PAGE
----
Handweaving as Performance Art

I’ve been reading and hearing a lot lately about “yarn-bombing.” In this fusion of textile, street, and performance art, public objects such as trees, statues, fire hydrants, lampposts, buses, and bridges are adorned and sometimes covered with knitted or crocheted fabric. (A particularly infamous crochet yarn bomber in Los Angeles operates under the alias “Captain Hook.”) Which raises two questions. First, whence comes this urge to cover surfaces with textiles, and, second, where is the handweaving form of public performance art?


Victorian knitted pincushion from Weldon's Practical Knitter
Victorian yarn whimsey abounds in
Weldon’s Practical Knitter

Today’s yarn bombers are not the first people to go wild with fiber. Doilies have draped furnishings and been the pride of lace-makers since the 17th century. The pages of Weldon’s Practical Knitter abound with Victorian yarn novelties such as night-dress cases, toilet table and tennis-ball covers (not to mention boas for babies and reins for children). Knitted, hooked and felted tea cozies have become an art form, and you can still find crocheted toilet paper covers at holiday craft bazaars. We are driven to create with our hands and to challenge our minds creating structure and design. But, for many women especially, the time spent creating would have been seen as indulgent if the results were not put to some practical purpose.

The medium is different, but the same urge drives weavers to take weft to warp and cover our walls with hangings, our dressers with scarves, and our tables with runners. However, I think this “bombing” thing comes from a different place, an urge to take these crafts from the home and workshop to the streets, to claim their place as art. No longer will textile skills be taken for granted. We are moving our image from quaint to bold, perhaps even visionary.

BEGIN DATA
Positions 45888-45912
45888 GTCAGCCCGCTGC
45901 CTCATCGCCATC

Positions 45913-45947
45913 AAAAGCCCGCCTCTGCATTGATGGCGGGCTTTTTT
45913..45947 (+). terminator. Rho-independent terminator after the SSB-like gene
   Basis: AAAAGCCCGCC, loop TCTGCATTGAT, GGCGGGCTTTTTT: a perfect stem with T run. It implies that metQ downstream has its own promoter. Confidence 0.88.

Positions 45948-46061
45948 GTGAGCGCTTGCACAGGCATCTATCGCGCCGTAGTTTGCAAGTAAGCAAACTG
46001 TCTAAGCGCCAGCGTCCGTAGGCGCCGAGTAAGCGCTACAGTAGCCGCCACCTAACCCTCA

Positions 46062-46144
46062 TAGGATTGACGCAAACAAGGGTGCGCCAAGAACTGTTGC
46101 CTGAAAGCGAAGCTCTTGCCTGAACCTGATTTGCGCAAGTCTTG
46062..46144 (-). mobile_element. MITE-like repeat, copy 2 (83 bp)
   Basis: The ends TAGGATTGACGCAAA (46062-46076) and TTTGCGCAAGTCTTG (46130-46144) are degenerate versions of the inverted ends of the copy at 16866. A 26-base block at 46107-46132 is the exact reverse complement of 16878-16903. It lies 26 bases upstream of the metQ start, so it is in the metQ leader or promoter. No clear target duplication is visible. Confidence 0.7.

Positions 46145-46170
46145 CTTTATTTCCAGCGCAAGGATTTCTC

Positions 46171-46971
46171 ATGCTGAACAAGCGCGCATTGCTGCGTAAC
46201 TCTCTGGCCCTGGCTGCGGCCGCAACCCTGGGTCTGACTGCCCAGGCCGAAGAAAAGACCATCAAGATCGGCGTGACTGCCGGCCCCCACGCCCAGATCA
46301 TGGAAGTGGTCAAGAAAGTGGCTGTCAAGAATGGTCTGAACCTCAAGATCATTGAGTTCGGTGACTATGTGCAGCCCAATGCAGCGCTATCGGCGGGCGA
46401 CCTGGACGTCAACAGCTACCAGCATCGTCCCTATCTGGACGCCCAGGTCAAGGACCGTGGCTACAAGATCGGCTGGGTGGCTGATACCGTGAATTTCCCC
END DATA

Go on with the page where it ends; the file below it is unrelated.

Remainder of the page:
Which brings me to the question, where do we, as weavers, take our stand? Spinners have their “art yarn,” which is definitely as much about process as product. Woven textiles are not unknown in the world of performance art. Yoko Ono and other notables performed acts of textile art at the Textile Museum in Washington, D.C., last summer. Former Alvin Ailey dancer Nick Cave dances in Soundsuits, bodysuits made of unusual fibers such as human hair and adorned with found objects that produce a rhythmic cacophony to accompany the dance. And few can have missed the monumental works of Cristo and Jeanne-Claude, the artists famous for draping skyscrapers, Roman walls, rivers, valleys, and islands with miles of fabric. But none of these are handwoven.


I say it’s time for handweavers to stand up and be recognized for the artists and iconoclasts that we are. I don’t know what form our activism should take. A flash mob with workshop looms beating out a weavers’ anthem in perfectly timed percussion? A ring of backstrap weavers tied up to the Washington Monument? Anyone who’s ever seen the Wade in the Water section of Alvin Ailey’s Revelations could imagine a troupe of yarn dancers performing public interlacement, plain or twill. (The daring could attempt 3/1 twill, though it might take the leaping prowess of Baryshnikov to accomplish the floats.)


So here’s my challenge to you. Do you know of someone who performs public acts of handweaving art? Do you have an idea for a handweaving performance and some adventurous friends to stage it?  (And at least one friend with a camera to record for posterity?) If so,  post your idea, a picture, a link, or a video here on Weaving Today to inspire us all. Rise up, weavers! You have nothing to lose but your (warp) chains!


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